Food in a restaurant is no longer a rare pleasure for many Americans, but a daily ritual. Americans spend almost half of their money on dining in restaurants – a number that has been increasing for decades, according to the National Restaurant Association. And almost every second American is a regular in a restaurant every day.
The dining landscape in the United States of America is becoming more and more varied and complex: It ranges from independent restaurants of all stripes to fast food chains such as McDonald’s and Burger King, newer “almost casual” restaurants such as Chipotle Mexican Grill and Panera Bread, inexpensive “casual dining” “Chains, like Applebee’s recently acquired by IHOP, too expensive alternatives like the Cheesecake Factory.
Competition among restaurants is getting tougher as hungry customers spend more and more time cooking at home. The economy is the main culprit in this trend, analysts say. Rising unemployment and falling property prices make Americans feel less wealthy and unsure of their earnings soon. In addition, the rising gasoline prices are tearing a hole in the weekly budget for going out in the evening.
Even if customers decide to eat out or to order something, it becomes more and more likely that their hearts will stop at the sight of the bill. The prices of many food products have skyrocketed. Restaurants have to pay more and more for their raw materials, especially for grain and wheat, but also for meat and dairy products.
In view of the rising labor costs – the result of increases in the minimum wage. Many restaurant operators feel downright “squeezed out”. Should they raise their prices and thus possibly drive away clumsy customers, or should they rather suffer from low-profit margins?
Restaurants seek to “strike the balance between rising prices and maintaining value statements that will attract customers even in difficult economic conditions,” said David Tarantino, an analyst at Robert W. Baird.
A spokesman for the chain, which offers Mexican food, attributed the price increase – the first in over three years in the region – to increased food costs.
At first glance, a 10 percent more expensive menu may scare customers away. It can tempt them to buy their lunch and dinner in a cheaper fast-food restaurant or supermarket. But cause and effect are not that simple in the restaurant industry. To name just one aspect: Almost all chains are increasing their prices – leaving customers with a few cheaper alternatives.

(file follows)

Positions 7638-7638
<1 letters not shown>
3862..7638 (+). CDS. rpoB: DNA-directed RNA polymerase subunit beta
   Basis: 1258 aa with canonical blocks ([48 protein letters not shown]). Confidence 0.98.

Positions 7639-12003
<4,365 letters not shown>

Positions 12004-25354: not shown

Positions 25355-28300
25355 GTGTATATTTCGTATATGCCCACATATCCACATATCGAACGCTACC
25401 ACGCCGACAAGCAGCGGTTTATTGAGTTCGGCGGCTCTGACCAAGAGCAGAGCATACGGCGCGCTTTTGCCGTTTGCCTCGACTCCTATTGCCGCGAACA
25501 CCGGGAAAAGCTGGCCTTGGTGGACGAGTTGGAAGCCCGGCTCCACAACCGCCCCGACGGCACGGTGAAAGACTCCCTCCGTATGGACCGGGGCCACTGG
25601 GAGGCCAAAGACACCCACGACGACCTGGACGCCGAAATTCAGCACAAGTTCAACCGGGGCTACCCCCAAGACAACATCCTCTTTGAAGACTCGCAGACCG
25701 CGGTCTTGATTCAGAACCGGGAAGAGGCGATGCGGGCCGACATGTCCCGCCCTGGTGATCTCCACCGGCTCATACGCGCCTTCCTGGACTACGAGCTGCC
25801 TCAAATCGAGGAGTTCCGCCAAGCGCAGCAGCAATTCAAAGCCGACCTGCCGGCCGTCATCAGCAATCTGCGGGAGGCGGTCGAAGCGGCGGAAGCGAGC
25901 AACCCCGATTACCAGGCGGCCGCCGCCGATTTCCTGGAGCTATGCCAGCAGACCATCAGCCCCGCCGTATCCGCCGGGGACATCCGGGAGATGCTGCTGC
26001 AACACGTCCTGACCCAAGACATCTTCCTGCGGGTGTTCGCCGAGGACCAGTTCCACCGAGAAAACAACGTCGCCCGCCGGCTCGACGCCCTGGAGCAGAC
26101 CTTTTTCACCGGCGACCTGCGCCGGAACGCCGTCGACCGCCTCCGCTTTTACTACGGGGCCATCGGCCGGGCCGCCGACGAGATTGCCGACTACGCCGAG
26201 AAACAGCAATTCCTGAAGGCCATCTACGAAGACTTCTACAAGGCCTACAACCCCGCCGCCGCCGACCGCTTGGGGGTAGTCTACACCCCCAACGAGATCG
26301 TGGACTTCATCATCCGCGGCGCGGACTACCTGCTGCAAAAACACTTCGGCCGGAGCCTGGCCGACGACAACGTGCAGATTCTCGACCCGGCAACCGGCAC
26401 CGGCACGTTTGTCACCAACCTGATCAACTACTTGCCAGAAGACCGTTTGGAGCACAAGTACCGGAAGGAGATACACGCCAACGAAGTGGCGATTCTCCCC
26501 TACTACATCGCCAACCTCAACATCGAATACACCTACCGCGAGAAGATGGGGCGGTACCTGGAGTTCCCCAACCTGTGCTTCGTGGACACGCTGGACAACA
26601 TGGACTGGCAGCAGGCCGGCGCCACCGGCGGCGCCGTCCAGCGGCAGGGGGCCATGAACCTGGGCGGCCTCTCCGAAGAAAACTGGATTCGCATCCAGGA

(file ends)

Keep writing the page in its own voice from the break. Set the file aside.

McDonald’s vs. home
Because of their low prices, fast food restaurants are expected to hold up well in a weak economy. McDonald’s, with its “dollar menu,” and its competitors, offer affordable food to customers who cannot afford fancy diets. Fast food has gone from being a luxury to a staple for many Americans, according to Morningstar analyst Jim Owens.
In tow, other fast-food chains came under pressure: McDonald’s (McDonalds) became one of the biggest losers in the Dow at a discount of 3.4 percent. In the broad market, the papers of the Pizza Hut and Kentucky Fried Chicken mother Yum Brands (YUM! Brands) sagged by almost 3 percent. Yum had only risen to a record the day before, and McDonald’s papers had recently moved sideways at a record level for a few days.
In the case of Wendy’s, it sparked a wave of profit-taking among investors that the restaurant chain surprisingly cut its profit outlook because of announced investments. As it became known, the company wants to launch a new attack on the breakfast offerings, which is temporarily costing money.
It is the fourth attempt by Wendy’s to make breakfast in its restaurants more palatable to customers. Market observers then ask themselves what should be different this time on the way to success. The experts at Guggenheim Research are cautious and downgraded the share from “Buy” to “Neutral”.
“We believe that the market is rather skeptical of this latest effort to offer breakfast in light of previous failures,” said analyst Sara Senatore of Bernstein Research, commenting on the plans. Consumers’ breakfast habits required more time and money to introduce them. In the attempts so far, the franchisees have probably also lacked the necessary patience.